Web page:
Thursday, December 21, 2006

The Problem Is Pagans

In the U.S Congress!!!

Discussion on the latest American religion and politics scandal, whats new, on CNN's Wolf Blitzer Situation Room.

Republican Spinmeister; "Bay" Buchanan blurted out her secret fear, the ultimate conspiracy theory, the problem with the Belt-way was all the Pagans in Congress

BEGALA: So, Carville is a Catholic. Ellison is a Muslim. And they were both in a synagogue at the same time. That is America.


BUCHANAN: Keith Ellison got -- actually received the endorsement of a Jewish newspaper.

I mean, this is a man that ran on a certain platform. He gathered people from all different faiths to support him. And he has every possible reason in this great country to represent that district.
His religion, to me, is a strength, his strength. I mean, I will tell you what I'm far more concerned about in Congress, is -- than a Muslim, is the pagans we have up there.


BUCHANAN: I think they are a greater threat to us than anyone who has some religious beliefs.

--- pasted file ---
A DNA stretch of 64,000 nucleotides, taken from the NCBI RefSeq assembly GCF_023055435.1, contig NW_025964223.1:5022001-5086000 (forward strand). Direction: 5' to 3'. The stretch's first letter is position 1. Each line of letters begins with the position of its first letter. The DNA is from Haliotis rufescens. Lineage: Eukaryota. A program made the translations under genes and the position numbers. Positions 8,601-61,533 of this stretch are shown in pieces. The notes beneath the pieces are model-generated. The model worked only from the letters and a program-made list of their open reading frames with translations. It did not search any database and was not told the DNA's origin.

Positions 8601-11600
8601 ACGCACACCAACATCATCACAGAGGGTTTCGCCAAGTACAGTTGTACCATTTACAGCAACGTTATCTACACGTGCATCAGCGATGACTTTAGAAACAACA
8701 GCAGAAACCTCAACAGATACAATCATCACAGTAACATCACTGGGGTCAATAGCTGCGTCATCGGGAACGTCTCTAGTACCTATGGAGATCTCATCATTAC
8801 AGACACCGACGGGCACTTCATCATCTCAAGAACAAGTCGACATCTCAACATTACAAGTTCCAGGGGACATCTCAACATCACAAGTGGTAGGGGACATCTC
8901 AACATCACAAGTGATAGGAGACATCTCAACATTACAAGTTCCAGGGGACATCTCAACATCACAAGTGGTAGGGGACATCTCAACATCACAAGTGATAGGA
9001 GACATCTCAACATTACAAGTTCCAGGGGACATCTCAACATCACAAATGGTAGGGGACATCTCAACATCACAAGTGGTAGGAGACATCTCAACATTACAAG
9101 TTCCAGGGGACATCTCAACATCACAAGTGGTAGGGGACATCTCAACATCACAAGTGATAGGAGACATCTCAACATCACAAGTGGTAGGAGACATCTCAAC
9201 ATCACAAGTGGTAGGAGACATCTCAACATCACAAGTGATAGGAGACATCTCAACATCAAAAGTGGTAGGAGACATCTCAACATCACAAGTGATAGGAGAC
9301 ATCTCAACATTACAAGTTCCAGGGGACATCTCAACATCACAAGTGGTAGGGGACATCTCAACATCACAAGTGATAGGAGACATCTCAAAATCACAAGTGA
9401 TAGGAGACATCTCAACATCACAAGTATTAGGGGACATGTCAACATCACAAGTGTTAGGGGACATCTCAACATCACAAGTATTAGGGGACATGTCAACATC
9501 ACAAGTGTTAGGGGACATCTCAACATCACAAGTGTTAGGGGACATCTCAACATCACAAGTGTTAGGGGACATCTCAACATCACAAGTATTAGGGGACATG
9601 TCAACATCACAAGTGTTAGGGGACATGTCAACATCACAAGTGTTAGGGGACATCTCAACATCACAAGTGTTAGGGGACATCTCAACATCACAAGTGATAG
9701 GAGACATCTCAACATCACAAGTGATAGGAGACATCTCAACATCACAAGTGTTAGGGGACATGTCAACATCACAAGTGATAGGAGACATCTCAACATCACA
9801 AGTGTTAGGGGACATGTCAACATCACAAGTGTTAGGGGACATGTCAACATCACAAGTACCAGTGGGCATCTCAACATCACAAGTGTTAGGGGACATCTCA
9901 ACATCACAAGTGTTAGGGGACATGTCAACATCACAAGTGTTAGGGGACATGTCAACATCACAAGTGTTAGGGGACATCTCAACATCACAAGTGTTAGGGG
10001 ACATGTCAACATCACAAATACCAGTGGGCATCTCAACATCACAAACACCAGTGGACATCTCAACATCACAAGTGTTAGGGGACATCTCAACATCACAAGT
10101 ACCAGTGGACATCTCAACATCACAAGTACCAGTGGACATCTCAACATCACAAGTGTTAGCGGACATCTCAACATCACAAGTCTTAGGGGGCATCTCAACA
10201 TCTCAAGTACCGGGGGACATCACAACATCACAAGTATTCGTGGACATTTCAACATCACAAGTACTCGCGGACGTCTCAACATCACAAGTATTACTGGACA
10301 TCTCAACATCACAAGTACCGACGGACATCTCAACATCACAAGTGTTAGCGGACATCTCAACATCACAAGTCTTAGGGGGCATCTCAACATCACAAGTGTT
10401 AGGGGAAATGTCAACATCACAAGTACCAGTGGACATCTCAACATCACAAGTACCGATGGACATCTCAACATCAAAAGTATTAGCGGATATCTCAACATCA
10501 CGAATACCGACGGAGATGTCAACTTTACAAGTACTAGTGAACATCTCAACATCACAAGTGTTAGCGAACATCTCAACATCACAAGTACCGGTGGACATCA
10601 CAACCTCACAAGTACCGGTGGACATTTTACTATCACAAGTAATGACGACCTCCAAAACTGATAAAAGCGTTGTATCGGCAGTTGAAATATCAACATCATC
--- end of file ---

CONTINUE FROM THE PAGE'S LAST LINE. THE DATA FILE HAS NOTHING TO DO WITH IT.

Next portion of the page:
Pagans in Congress? Heck the right wing mudpuppies are upset over a Democrat Congressman wanting to swear his oath of office on the Koran. Pagans, sheesh, America is not that liberal.

Of course saying something completely outrageous and untrue sounds better if you also make it outlandish. I am not sure what she was getting at with her us and them designation of Congress, but maybe if she said "believers and unbelievers: she would come under scrutiny of Homeland Security.

Or if she accussed Congress of being full of atheists, well that would have been laughed off, not an athiest among them, they make sure we all know that.

Nope pagans it is. And of course coming from a Catholic we all know what that means; any one who is not a Papist. Glad to know she didn't really mean Pagans just Non-Catholics.